The transformation of Jesus from liberator to evangelizer is instructive. He was seen as a Messiah who would set his Jewish people free from Roman occupation, as Jewish nationalism and religion went hand in hand. But he was crucified, and the Jews continued to endure extreme persecution by Rome. So much for him being a Jewish Messiah. Thus the “Good News” went mainstream in the Roman world: an assumed resurrected Jesus, proof of him being the only Son of God and savior of the world, had supposedly appeared to his disciples and commissioned them with, “All authority in heaven and on earth has been given to me. Therefore go and make disciples of all nations.” (Matthew 28: 16-20) His followers put wings on his feet and words in his mouth in the Roman world, and the liberator became an evangelizer, joining the state in seeking to conquer the world. Affiliation with political power became the means by which to dominate unbelievers, impose Christian beliefs on them and punish those who resist.
Traditional Christianity is imperialistic, claiming authority as the one true revelation of God. It was just a matter of gaining the power to impose its authority on the world. Once Christianity was recognized as the religion of the state, the state provided the power.
An example of using politics to advance Christianity is the 11th, 12th and 13th century Crusades in which Christian armies, blessed by the Catholic Church, went to war against Muslims, pagans and heretics to take back holy land cities and shrines. The Crusades were seen as a way for Christian warriors to obtain forgiveness and salvation by “taking up the cross,” and fighting Muslims, heretics and pagans on behalf of their one true faith. The result was millions dead, cities and towns destroyed and needed resources wasted. (See “The Crusades: Motivations, Administration, and Cultural Influence,” By Rachel Rooney and Andrew Miller, The Newberry)
Another example of using politics to expand Christian influence is the Doctrine of Discovery issued by Pope Alexander VI’s Papal Bull in 1493. The Papal decree reportedly “aimed to justify Christian European explorers’ claims on land and waterways they allegedly discovered, and promote Christian denomination and superiority, and has been applied in Africa, Asia, Australia, New Zealand and the Americas.” (“Doctrine of Discovery,” upstanderproject,org) It did not matter that people already inhabited the land. The Upstander Project states that the Doctrine of Discovery “supported the dehumanization of those living on the land and their dispossession, murder and forced assimilation.” Also, “the Doctrine fueled white supremacy insofar as white European settlers claimed they were instruments of divine design and possessed cultural superiority.” (Ibid)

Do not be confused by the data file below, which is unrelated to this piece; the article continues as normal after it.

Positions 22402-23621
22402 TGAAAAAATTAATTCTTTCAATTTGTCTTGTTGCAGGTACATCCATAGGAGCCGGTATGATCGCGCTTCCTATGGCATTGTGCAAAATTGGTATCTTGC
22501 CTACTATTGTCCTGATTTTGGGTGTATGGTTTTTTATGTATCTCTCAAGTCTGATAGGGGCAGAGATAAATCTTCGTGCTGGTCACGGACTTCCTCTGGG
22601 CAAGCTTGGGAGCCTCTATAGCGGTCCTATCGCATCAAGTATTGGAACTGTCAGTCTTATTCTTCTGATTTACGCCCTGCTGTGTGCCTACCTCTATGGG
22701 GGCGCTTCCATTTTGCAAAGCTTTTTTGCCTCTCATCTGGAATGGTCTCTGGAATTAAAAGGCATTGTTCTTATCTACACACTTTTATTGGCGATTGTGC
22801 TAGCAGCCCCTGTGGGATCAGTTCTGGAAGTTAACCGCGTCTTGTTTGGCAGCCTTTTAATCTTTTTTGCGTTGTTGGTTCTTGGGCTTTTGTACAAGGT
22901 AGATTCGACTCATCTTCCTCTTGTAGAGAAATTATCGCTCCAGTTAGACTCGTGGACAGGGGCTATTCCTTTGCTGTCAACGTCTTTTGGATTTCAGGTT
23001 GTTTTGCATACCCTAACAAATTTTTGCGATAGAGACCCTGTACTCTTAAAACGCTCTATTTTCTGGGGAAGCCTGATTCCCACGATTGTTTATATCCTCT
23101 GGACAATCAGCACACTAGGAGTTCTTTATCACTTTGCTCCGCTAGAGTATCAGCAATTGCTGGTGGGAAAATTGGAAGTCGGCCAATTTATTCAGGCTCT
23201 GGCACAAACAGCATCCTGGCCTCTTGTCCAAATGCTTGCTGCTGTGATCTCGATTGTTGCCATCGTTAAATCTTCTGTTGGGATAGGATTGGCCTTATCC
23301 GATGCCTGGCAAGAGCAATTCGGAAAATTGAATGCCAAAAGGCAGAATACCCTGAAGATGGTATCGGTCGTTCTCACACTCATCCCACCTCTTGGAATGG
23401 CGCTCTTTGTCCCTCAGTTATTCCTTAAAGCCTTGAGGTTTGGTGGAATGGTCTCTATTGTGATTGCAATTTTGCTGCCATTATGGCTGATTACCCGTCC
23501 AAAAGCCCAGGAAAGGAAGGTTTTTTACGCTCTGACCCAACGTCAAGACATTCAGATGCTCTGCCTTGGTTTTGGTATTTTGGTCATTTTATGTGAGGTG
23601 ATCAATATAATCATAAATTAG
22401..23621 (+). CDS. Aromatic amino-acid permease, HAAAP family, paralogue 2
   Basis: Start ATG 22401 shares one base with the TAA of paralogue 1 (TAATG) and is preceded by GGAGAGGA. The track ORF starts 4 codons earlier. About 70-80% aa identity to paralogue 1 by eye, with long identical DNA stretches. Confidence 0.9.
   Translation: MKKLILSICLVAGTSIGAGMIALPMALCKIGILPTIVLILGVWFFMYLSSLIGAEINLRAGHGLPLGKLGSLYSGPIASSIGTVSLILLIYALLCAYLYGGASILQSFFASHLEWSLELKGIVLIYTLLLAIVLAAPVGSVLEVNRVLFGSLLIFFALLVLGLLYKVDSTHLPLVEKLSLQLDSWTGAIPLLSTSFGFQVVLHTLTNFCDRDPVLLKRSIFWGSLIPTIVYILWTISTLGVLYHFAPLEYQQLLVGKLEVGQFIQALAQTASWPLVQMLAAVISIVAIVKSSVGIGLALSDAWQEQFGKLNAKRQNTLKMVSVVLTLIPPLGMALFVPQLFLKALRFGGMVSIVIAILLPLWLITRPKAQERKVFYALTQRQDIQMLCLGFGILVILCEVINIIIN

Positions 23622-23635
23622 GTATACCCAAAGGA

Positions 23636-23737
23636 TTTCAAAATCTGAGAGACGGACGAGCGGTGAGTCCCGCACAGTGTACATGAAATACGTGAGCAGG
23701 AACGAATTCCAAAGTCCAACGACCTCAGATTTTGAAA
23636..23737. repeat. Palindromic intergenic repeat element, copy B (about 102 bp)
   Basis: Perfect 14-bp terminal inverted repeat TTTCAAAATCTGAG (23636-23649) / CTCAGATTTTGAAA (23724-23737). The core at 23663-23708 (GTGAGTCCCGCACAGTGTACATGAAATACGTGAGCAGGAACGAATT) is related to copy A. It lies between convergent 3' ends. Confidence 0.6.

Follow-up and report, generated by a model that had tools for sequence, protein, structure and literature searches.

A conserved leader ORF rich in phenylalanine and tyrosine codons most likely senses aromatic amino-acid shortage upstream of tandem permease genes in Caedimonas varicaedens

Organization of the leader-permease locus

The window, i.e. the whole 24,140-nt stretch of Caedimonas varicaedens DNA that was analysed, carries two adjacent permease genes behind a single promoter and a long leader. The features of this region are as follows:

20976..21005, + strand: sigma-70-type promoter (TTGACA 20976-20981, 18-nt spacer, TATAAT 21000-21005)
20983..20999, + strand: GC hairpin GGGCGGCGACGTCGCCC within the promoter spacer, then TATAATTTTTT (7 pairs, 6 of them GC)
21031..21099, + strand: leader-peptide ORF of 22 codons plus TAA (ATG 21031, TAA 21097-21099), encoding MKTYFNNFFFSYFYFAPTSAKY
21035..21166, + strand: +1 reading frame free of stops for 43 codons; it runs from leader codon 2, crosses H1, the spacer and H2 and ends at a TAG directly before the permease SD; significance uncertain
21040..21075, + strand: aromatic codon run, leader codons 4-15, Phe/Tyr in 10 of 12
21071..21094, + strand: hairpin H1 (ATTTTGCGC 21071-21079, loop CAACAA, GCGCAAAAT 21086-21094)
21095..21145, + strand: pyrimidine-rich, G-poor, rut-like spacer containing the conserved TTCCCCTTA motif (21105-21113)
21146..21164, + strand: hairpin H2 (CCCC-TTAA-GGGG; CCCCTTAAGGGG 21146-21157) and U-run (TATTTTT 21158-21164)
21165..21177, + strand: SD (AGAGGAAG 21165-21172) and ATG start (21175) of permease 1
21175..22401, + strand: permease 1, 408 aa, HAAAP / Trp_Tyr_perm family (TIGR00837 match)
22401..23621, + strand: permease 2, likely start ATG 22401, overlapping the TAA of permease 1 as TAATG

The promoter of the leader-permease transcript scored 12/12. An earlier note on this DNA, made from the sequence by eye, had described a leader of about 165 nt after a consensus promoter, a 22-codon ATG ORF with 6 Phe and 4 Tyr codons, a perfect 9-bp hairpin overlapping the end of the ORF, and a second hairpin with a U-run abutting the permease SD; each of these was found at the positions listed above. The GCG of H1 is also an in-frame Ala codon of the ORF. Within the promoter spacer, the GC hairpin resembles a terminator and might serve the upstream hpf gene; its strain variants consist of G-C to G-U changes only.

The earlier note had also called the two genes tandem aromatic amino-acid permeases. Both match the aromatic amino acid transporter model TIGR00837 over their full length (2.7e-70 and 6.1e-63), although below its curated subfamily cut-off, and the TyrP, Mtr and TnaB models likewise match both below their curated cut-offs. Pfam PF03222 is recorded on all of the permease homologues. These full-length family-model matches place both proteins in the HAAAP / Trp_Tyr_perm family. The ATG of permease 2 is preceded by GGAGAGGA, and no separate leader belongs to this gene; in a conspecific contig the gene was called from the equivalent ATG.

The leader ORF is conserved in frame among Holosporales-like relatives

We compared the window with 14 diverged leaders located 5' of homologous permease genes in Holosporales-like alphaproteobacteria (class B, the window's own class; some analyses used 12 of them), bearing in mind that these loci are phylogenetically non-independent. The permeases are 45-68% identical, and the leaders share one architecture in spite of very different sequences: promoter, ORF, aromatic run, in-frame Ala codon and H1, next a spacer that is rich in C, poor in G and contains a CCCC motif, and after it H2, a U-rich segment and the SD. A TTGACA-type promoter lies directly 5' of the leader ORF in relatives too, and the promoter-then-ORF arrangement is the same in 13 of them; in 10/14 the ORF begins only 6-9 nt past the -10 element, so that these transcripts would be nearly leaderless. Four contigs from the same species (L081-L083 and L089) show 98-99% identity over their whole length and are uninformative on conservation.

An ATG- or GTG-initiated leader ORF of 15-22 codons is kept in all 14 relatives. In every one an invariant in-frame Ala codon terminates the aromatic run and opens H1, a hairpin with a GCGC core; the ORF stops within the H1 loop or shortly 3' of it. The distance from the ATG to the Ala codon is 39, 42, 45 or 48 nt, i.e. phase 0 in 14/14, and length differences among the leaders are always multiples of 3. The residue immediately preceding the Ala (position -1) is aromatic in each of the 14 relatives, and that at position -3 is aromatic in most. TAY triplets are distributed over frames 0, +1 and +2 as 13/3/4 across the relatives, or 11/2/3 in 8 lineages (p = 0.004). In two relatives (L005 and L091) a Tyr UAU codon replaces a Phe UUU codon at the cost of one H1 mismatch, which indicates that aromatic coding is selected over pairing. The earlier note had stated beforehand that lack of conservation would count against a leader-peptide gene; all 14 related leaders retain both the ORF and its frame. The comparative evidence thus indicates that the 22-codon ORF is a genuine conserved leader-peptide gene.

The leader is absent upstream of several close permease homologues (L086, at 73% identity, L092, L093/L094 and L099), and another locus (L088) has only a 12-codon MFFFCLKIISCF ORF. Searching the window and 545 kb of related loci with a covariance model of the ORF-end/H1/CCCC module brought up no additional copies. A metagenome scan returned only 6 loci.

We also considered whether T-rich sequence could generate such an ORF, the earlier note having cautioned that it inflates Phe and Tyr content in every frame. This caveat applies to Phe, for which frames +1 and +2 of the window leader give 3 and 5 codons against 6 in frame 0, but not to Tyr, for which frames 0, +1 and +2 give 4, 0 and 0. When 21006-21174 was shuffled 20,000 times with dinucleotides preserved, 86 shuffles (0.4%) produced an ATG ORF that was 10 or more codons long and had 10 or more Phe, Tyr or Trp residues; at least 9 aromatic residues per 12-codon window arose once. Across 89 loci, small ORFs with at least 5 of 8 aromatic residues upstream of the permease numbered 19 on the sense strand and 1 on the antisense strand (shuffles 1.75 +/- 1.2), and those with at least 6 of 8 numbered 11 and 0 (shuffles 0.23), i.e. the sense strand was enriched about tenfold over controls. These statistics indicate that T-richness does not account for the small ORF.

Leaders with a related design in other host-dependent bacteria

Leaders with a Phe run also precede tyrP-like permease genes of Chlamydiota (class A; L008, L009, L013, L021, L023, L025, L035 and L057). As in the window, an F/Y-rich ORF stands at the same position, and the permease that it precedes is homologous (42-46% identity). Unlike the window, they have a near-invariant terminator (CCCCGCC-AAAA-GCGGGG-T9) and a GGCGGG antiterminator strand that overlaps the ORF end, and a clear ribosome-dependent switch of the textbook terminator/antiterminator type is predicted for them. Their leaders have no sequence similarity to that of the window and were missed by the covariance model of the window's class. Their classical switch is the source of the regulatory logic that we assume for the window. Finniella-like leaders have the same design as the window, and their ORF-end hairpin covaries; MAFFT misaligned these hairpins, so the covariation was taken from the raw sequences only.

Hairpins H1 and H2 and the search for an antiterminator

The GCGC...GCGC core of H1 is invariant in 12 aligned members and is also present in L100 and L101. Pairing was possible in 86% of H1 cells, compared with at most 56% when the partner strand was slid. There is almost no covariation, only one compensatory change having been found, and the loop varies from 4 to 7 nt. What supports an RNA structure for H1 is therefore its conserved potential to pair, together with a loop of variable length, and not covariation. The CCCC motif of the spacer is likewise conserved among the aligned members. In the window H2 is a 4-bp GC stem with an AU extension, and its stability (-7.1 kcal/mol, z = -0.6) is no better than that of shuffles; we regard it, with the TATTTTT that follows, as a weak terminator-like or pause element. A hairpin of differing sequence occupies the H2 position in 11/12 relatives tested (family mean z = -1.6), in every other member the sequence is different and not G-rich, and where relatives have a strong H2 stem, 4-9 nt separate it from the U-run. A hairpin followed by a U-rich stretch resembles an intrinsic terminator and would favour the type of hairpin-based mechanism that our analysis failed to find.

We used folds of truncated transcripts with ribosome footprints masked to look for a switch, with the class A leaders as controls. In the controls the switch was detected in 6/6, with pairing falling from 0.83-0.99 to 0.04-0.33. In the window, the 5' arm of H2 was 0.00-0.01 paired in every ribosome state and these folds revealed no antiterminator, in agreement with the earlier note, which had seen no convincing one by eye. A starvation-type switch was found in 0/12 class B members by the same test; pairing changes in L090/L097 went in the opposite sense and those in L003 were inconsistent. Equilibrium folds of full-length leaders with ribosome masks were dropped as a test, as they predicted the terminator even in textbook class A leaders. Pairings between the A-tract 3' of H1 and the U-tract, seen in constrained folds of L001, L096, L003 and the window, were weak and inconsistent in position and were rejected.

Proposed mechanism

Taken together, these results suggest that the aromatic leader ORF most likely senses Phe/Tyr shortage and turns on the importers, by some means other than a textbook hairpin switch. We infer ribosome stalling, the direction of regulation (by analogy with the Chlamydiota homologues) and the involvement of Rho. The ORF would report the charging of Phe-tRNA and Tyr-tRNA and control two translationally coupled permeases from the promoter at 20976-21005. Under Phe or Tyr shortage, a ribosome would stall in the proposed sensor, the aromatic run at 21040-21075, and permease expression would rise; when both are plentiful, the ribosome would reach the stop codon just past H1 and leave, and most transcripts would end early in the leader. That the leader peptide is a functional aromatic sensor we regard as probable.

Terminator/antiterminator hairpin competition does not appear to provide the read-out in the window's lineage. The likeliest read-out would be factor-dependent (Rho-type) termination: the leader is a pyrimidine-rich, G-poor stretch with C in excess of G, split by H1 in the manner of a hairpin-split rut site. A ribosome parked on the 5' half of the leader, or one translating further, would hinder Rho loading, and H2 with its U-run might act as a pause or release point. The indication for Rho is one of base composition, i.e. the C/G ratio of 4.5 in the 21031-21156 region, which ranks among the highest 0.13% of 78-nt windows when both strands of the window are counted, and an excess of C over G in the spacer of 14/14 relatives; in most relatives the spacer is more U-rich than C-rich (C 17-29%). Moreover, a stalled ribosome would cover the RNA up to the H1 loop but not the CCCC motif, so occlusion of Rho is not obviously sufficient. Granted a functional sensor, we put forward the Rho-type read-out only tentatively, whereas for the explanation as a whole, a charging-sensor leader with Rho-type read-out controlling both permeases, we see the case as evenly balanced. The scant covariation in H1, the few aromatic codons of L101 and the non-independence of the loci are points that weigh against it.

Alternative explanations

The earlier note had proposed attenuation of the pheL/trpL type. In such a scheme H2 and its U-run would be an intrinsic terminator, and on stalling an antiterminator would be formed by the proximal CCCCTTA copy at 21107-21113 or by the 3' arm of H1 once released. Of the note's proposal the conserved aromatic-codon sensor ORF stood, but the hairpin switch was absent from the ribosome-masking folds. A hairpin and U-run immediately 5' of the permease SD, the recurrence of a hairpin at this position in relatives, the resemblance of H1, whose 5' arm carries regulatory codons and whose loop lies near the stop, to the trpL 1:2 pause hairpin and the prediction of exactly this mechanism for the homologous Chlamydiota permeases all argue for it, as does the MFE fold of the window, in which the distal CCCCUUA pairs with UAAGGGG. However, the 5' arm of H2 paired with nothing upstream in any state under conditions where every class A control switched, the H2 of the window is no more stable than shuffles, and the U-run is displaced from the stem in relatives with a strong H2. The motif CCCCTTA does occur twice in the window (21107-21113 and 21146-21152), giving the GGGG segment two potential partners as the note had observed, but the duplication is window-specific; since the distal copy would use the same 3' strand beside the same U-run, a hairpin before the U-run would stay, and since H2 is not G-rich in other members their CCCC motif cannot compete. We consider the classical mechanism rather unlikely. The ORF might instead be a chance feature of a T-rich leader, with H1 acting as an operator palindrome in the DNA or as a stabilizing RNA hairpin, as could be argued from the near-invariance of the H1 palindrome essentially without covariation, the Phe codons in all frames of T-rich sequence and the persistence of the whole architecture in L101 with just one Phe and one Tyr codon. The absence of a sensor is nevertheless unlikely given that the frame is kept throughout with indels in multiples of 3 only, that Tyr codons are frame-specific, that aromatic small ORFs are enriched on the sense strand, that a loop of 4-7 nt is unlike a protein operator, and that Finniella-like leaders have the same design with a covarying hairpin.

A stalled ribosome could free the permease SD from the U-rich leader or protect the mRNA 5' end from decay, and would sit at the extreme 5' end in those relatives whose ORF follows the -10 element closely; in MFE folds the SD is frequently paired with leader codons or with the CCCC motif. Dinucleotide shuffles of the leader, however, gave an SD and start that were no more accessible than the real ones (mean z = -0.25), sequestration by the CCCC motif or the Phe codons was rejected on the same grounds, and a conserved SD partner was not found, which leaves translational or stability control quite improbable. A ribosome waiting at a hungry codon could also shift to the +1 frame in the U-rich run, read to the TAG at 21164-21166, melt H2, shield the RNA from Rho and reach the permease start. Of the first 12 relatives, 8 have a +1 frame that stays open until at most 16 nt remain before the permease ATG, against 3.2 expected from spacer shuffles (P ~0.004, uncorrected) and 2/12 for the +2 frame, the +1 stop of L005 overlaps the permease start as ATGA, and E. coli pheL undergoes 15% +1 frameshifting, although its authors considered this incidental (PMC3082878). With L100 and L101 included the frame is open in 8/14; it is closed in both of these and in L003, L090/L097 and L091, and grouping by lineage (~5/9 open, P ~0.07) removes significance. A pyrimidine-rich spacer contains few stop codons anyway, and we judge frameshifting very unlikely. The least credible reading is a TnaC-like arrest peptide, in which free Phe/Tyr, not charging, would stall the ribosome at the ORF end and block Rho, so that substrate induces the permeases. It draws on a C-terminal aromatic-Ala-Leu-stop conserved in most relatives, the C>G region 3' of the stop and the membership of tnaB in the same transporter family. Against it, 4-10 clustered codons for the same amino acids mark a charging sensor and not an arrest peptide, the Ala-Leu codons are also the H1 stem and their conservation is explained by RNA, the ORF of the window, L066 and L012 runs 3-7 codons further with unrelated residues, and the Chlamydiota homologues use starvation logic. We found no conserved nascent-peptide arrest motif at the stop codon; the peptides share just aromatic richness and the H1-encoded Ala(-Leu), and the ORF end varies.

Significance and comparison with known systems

Here, white European Christians believed that their “discovery” and settling of the Americas was God’s doing: they saw themselves as the embodiment of Jesus’ teaching, “You are the light of the world. A city set on a hill cannot be hidden.” (Matthew 5: 14) And their God-given “manifest destiny” led them to build their “City” on the backs of enslaved Africans and the bones of indigenous peoples. Their “light” meant darkness for so many they judged to be culturally inferior. It was about heavenly authority and earthly power that relegated The Other to disposable means.